I didn't change too much stuff when I was overclocking. I ran my FSB at 233 to try to use 1866MHz memory at full speed while keeping my CPU at 3.4GHz, but it already wasn't running stable and I changed it back. I had a little more luck when I set it down to 220 and put NB and HT at 2100, but I didn't feel comfortable keeping those settings because I'm so inexperienced. Everything is running on its default Auto setting right now and my computer hasn't crashed in quite a few days.

    Now let's see how my computer runs on the 4850 video card.
  4. I used my older video card today and my computer froze just like before. I'm glad my video card isn't messed up, but now I'm looking at getting either a new PSU or something a bit more expensive. I'll go ahead and look at getting a good quality PSU, but how much power do I really need to run this system? Even if I overclock it a bit I figured 650W would be enough. Of course, it's likely the quality of the PSU that would be the problem I imagine. Do you think I should get something bigger or stick around this range?
  5. 650watts is more than enough if you are sticking with a single card. This Antec 620 is a good deal at the moment
  6. Looking around online brought up a few reviews of HEC PSUs with very low scores and will definitely be replacing it ASAP. I really hope my PSU is the problem here.

    I'm really surprised by how much information is presented at a basic level for newbie computer engineers. Tom's forum alone had so many great links to learn more about PSUs that I feel so much more confident in making a decision to fit my budget and computer.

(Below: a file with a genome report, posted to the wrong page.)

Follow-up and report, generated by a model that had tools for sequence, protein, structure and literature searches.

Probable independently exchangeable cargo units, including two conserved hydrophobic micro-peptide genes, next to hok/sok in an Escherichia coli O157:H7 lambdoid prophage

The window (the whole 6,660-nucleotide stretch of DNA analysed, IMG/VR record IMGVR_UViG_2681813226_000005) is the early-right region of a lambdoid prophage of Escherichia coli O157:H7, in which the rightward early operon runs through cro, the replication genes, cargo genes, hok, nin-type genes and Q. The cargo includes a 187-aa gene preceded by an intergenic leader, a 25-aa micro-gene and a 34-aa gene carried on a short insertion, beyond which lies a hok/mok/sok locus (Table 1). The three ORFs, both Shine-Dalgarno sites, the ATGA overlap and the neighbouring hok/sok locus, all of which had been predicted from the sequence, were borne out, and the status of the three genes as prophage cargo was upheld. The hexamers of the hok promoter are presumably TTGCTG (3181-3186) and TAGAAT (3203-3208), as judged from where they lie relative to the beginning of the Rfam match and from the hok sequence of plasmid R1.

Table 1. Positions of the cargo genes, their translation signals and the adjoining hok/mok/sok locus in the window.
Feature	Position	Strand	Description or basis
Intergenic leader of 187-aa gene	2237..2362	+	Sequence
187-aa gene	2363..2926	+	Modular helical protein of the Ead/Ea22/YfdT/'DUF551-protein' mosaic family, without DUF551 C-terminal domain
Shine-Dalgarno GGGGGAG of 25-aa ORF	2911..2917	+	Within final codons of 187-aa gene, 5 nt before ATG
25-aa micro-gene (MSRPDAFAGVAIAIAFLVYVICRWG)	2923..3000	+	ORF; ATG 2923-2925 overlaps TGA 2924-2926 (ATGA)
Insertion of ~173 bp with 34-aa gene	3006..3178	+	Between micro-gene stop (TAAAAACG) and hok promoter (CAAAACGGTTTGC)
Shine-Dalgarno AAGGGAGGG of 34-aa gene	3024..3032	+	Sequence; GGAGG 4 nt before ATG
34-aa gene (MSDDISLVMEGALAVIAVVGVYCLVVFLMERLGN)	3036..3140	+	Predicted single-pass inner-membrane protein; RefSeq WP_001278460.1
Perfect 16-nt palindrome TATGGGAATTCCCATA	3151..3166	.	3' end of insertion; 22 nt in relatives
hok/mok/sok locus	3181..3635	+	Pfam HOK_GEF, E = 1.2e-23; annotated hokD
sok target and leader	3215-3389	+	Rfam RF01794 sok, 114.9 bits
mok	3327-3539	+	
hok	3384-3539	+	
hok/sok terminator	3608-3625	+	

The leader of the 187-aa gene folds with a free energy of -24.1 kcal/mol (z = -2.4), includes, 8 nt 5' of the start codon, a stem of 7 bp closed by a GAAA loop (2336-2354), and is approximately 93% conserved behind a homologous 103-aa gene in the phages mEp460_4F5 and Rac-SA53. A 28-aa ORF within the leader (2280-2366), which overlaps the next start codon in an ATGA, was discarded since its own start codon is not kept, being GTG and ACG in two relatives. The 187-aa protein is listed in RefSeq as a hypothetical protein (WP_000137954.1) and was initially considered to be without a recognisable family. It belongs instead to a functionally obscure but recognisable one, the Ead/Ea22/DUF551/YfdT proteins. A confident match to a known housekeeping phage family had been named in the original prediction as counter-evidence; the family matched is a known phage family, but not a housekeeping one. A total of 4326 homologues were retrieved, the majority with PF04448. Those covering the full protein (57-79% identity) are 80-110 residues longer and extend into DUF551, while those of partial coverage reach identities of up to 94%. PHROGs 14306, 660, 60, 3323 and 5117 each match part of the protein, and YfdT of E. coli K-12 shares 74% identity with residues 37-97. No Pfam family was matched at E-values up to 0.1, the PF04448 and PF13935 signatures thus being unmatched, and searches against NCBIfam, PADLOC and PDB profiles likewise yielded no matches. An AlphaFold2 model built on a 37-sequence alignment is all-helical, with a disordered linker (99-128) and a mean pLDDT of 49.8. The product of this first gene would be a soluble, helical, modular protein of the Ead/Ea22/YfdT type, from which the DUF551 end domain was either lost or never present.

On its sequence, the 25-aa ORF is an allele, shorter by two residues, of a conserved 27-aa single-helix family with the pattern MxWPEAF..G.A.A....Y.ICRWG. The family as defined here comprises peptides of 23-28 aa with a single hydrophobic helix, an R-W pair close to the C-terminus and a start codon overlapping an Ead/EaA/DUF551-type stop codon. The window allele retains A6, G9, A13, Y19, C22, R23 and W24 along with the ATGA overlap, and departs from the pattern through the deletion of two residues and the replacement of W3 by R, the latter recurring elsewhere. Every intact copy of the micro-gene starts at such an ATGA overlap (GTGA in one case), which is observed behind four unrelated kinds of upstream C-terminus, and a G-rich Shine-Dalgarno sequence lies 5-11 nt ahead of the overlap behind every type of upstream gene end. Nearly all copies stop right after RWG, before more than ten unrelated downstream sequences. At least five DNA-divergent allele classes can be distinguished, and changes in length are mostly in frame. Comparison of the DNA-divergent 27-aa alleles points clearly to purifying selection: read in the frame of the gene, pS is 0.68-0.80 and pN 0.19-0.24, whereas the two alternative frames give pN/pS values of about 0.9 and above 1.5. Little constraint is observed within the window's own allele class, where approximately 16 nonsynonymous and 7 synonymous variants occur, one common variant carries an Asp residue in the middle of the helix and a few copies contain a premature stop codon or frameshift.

The Antec NEO ECO you posted would be a great bargain PSU from a good company. I may choose to go with a Seasonic model if I can find one for a moderate price. I have gone through so many bad PSUs to save a few bucks, it's about time I splurge and look for a top quality PSU that I won't be replacing in 6 months.
  7. Seasonic would be a excellent choice.
  8. I went over to the PSU forum and asked around for suggestions and found a great deal on a XFX PRO750W for $70 after rebate. Here's the link for those who stumble on this post:

    Great deal and great PSU from a Seasonic factory.
  9. My power supply came in last week and it's working great in my system. However, the sound coming from my computer still remains. My computer has not frozen since the replacement, but I feel it may just be a coincidence. I have certainly had fewer crashes in the past week, but I can't explain why that would be.

    So I've narrowed the problem down a bit. It's not the power supply, video card, OR my memory which leaves my CPU and motherboard right? This feels hopeless. :(
  10. Best answer
    I suggest you find out what the clicking noise is about. Your probably right in that one of your fans is boned. Very easy to just open the case up and see whats up.

    As far as I know fans are really the only moving part on a computer so it pretty much has to be that. Or one of those super old floppy disk drives that makes lots o ticks and clicks.

    The easiest thing to do as I said before is just check your hardware temps and change out parts to find the culprit. It sounds like you have done a bit of swapping out already so yes maybe it is your mobo or cpu....or your last thermal paste application didnt go so smoothly.

    keep in mind that even though you replaced your psu, it still may have done damage to one of your parts.

    describe to us more accurately what happens at the crashing? BSOD?
  11. Best answer selected by dorkydude666.